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Industrial sewing, meat processing training among free skill upgrade classes at North Island College

$1 million from B.C. government to fund partnership with municipalities, businesses and First Nations to provide free training

Companies struggling to hire employees in industries such as construction salvage, meat processing and industrial sewing in central and northern Vancouver Island might soon see more qualified applicants thanks to a number of no-cost training programs administered by North Island College.

The college is coordinating just over $1 million in funds from the B.C. government given to municipalities, businesses and First Nations to provide free training for those looking to work in industries that are facing labour shortages.

This month, North Island College, Synergy Foundation, a Victoria-based non-profit, and the City of Port Alberni received about $229,000 to provide no-cost training for 12 people in salvage and deconstruction on the soon-to-be-redeveloped Somass Lands.

In a statement, Port Alberni Mayor Sharie Minions called the program a win-win for local students and the city. “A big part of our vision is to ensure as much of the leftover material on site is either recycled or reused into new, useful products.”

The college said last week that it had received $802,000 to support six no-cost, short-term training programs in Port Alberni, the Comox Valley, and Campbell River this school year through B.C.’s Community Workforce Response Grant. Five of those programs have already been completed.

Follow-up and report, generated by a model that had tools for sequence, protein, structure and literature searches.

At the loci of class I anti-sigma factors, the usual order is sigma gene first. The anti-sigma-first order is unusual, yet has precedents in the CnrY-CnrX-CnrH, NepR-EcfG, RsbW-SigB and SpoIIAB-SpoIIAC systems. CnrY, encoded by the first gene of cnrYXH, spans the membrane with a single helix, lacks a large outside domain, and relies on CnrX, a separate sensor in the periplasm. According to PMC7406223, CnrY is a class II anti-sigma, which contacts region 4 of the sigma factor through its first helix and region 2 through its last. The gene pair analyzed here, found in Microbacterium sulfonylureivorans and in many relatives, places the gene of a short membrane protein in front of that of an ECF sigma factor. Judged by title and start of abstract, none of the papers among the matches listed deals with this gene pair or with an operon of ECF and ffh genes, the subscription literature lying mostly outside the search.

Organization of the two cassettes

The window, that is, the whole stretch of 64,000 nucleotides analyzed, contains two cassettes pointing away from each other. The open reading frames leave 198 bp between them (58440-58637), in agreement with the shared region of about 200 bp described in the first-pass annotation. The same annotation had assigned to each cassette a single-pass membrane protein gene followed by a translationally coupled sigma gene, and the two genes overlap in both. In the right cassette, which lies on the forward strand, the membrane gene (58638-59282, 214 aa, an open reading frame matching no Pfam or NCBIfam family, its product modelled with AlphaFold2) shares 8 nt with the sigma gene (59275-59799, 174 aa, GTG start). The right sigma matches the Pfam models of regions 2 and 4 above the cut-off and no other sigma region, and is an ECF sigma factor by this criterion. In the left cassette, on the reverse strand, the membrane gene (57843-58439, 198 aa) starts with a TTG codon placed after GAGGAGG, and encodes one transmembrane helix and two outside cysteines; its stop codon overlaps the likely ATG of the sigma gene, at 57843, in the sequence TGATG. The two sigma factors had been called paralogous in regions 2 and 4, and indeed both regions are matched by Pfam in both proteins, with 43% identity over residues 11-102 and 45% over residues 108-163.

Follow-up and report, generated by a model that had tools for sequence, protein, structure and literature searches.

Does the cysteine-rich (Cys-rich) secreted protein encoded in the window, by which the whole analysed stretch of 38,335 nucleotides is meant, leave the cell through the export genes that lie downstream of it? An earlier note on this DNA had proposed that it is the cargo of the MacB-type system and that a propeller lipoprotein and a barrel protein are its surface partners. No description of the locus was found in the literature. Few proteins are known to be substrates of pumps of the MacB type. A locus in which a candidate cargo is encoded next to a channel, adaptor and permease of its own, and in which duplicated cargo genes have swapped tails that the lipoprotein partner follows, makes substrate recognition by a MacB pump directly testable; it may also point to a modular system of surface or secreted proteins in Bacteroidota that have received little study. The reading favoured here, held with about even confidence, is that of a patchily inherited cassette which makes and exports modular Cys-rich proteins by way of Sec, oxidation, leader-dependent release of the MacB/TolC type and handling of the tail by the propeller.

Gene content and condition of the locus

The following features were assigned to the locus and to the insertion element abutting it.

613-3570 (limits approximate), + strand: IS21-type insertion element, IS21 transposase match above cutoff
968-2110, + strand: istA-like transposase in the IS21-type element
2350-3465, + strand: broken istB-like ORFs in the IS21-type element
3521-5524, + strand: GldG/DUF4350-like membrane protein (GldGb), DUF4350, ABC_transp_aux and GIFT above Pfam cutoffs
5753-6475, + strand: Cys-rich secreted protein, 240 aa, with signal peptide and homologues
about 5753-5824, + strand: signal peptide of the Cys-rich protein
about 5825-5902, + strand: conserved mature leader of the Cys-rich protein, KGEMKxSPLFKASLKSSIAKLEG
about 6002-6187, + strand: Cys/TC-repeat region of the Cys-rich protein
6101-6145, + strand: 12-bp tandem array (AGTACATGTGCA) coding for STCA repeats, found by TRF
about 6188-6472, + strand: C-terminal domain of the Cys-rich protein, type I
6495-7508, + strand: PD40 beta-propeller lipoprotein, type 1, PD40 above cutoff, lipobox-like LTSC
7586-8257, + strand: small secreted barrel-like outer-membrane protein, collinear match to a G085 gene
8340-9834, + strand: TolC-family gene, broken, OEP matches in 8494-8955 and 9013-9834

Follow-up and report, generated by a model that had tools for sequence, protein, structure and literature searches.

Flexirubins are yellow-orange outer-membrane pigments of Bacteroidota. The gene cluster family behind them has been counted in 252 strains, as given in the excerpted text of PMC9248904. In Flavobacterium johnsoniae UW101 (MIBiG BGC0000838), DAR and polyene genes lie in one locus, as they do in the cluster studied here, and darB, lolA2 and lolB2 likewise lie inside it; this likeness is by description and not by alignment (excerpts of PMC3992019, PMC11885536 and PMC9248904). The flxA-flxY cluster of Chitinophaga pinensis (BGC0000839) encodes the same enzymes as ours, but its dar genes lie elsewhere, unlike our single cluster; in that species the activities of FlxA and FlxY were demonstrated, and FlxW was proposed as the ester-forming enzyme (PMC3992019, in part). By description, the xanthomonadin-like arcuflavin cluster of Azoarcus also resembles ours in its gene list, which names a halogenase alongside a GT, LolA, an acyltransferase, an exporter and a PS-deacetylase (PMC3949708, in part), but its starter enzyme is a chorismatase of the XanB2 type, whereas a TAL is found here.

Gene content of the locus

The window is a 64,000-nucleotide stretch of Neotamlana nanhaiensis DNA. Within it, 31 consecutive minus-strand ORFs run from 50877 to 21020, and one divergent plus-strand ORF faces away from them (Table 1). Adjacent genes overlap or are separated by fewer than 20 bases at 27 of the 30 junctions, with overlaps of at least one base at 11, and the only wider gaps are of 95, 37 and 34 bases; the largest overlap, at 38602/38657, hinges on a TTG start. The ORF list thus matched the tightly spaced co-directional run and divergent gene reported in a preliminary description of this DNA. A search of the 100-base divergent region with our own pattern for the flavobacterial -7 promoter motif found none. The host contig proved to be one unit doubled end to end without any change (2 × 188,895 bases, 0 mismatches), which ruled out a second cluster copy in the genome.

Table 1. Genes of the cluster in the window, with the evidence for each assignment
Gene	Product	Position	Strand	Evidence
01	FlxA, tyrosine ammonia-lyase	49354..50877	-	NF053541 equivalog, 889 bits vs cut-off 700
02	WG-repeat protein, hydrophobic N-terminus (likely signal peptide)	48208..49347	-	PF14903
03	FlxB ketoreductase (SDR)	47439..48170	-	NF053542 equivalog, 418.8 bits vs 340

The courses are administered by North Island College and taught by veterans in their field.

Dave Semmelink of Lentelus Farms will be teaching two courses on meat processing in Port Alberni and Campbell River this spring through the grant. “We’re just desperate for people in that industry.”

Semmelink is keen on bringing smaller-scale abattoirs and meat-processing facilities back to Vancouver Island. “We can have localized meat production if we want. We don’t all have to eat mass-produced, factory-farmed meat.”

Last year, he taught a no-fee course on regenerative farming in partnership with North Island College, Vancouver Island University and the Young Agrarians group.

Taylore Darnel, a chef at the Courtenay-based LUSH Valley Food Action Society, taught a 10-week intensive program on food prep and kitchen training that wrapped up in November.

The program, which focused primarily on preparing people to work in food trucks, was a partnership between North Island College and the North Vancouver Island Chefs Association.

Since many of her colleagues left the profession after the onset of the COVID-19 pandemic, programs like these help keep the Comox Valley’s vibrant food scene alive, she said.

Rob MacNeill, an industrial sewing instructor in Campbell River who also taught a North Island College program, said he ended up hiring some of the students he taught immediately after graduation.

“A lot of the older guys that were running these companies stopped training the next generation,” he said. “Now we’ve got this big empty void we’re trying to deal with.”

MacNeill, who learned how to sew working as a parachute rigger in the military, said the worker shortage was a self-inflicted industry problem that needs correction. “The problem in the industry is if you take the time to train somebody, a lot of times people just go and start their own business and actually become your competition.”

MacNeill’s two-month course teaches the basics on how to sew for the vehicle, aviation and marine industries, in addition to home upholstery.

The Monday-to-Wednesday schedule meant that students could still work and pay their bills while they were studying, he said. “It made it all that more accessible.”

Funding for the Community Workforce Response Grant program, intended to help address labour shortages in the province, comes from a $685-million Canada-B.C. Workforce ­Development Agreement signed in 2018.

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